The Mighty Oak
Tim O'Connor is paid to be violent. He plays for the El Paso Storm in the West Texas Hockey League. People call him Oak. He's been an enforcer for longer than his hip or shoulder or back have been able to hold together. He is a broken machine of gristle and rage. And he has been away from home for too long.
He's called back to Boston by his mother's death. There he confronts a life he failed to live, a daughter he doesn't know, and a body that is quickly breaking down. Still, he can't conceive of a future without hockey, even as he chews oxycodone and Adderall to numb his injuries and steady his brain. When a brutal encounter with the police places him in the path of Joan Linney, a haunted public defender, and Kip, a boy with a brave face, Oak and his chance companions roam cold streets from Castle Island to Quincy Point, struggling to believe in a different future.
In spare, potent language, Jeff W. Bens builds a remarkable character from the skates up. The Mighty Oak is a visceral and emotional experience. The fact of Oak's physical existence is powerfully rendered, and the bone-deep transformation of his character is one you will not soon forget.
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About the Author
Jeff W. Bens is the author of the novel Albert, Himself. He teaches at Manhattanville College in Purchase, New York.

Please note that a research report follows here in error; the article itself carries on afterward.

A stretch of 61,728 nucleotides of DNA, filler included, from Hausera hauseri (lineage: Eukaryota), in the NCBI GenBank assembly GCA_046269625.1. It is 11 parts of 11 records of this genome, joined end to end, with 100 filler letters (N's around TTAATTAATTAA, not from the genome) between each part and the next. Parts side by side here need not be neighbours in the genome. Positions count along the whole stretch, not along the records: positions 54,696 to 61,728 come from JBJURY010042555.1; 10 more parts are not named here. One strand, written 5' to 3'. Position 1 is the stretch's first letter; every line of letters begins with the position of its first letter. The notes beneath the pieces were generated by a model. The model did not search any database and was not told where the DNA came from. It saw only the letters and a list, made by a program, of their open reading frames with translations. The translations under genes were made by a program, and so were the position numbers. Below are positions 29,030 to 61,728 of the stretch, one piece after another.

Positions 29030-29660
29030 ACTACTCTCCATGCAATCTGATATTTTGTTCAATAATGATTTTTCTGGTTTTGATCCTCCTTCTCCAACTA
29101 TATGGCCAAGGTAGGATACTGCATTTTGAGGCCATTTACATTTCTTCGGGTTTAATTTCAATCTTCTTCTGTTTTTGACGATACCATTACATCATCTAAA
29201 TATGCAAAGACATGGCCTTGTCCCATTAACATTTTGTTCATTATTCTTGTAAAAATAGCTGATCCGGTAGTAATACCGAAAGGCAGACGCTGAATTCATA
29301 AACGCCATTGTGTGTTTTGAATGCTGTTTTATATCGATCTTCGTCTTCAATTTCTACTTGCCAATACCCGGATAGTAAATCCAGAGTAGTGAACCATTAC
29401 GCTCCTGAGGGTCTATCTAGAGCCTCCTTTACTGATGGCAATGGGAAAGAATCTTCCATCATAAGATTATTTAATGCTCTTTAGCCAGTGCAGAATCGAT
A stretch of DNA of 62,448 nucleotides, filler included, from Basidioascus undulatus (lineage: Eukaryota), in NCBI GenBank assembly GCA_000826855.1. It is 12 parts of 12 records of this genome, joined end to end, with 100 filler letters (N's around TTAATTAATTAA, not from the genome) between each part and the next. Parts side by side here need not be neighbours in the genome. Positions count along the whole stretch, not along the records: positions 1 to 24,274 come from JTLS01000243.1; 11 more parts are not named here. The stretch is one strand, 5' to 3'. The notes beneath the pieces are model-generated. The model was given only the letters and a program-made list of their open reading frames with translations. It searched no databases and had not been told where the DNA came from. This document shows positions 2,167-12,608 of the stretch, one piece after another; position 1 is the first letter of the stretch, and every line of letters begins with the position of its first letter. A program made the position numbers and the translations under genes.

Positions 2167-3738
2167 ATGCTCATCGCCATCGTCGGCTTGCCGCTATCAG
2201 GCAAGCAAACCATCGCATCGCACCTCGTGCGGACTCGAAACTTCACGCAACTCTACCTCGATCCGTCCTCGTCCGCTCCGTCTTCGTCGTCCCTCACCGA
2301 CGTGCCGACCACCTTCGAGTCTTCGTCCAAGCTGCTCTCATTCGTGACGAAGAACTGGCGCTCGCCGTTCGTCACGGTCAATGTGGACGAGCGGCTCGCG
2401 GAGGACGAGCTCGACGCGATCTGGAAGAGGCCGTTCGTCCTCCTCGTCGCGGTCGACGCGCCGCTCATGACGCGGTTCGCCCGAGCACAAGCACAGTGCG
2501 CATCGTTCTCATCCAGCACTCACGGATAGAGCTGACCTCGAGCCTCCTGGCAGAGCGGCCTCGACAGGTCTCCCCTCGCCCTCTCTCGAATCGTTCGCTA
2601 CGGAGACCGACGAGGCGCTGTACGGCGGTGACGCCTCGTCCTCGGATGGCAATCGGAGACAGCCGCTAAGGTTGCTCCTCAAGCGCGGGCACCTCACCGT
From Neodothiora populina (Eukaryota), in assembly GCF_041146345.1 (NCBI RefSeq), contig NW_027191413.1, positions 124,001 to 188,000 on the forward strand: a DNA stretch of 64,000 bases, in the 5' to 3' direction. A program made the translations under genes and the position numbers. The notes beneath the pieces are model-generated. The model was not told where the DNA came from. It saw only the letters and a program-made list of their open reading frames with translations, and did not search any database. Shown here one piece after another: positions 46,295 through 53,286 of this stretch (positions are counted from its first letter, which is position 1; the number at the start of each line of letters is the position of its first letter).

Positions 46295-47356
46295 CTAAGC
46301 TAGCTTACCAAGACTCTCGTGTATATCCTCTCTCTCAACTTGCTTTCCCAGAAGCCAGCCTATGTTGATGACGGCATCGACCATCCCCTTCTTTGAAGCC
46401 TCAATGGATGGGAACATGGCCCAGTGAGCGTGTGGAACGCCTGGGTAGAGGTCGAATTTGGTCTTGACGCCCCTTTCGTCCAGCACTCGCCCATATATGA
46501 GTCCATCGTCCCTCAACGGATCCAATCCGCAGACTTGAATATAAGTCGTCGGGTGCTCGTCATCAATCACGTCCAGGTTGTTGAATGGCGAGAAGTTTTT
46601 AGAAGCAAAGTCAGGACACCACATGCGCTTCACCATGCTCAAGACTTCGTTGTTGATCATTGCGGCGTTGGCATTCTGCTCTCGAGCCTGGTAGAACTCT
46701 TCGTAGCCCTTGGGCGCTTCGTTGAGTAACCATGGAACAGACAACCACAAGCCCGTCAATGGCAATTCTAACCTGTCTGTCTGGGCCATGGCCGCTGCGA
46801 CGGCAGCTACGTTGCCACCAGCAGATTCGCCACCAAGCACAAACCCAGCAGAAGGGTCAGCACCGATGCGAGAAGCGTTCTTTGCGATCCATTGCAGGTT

"An incisive and incandescent portrait of an American male struggling with anger, delusions, and Oxycontin. Calling to mind the work of Richard Ford and Denis Johnson, The Mighty Oak hits the reader like a hockey stick to the face."-- "David Burr Gerrard, author of The Epiphany Machine"
"A knock-out! Jeff Bens tackles male violence, the complexities of parenthood, and the contrary draw to both numbness and connection in wholly alive and thrilling ways."-- "Lisa Muskat, producer of Joe and All the Real Girls"
"A perfectly pitched hat trick of a book: a great sports novel, a tragedy of our opioid times, and the story of a man rediscovering what love is left in his heart. I loved every page."-- "Scott Cheshire, author of High as the Horses' Bridles"
"The Mighty Oak is a tense, spare, powerful novel. Bens has a finely calibrated voice that explodes off the page in a way that will remind readers of the very best of Raymond Carver or Richard Ford. Like Oak himself, this novel is heartfelt, headstrong, and unflinching."-- "Kristopher Jansma, author of Why We Came to the City"
"The Mighty Oak introduces us to a character reminiscent of the great literary antiheroes. Written by Jeff W. Bens with an insight that balances the culturally astute and the brilliantly ambiguous with detours of unexpected humor, this is a portrait of an athlete's multifaceted interior code: a hockey player, a brother, a father, a fighter, a lover, a friend. We lean in for a better understanding and discover a brilliant analysis of extraordinary talent and the vulnerabilities that often bleed from it."-- "David Gordon Green, director, Halloween, Stronger, East Bound and Down, Pineapple Express"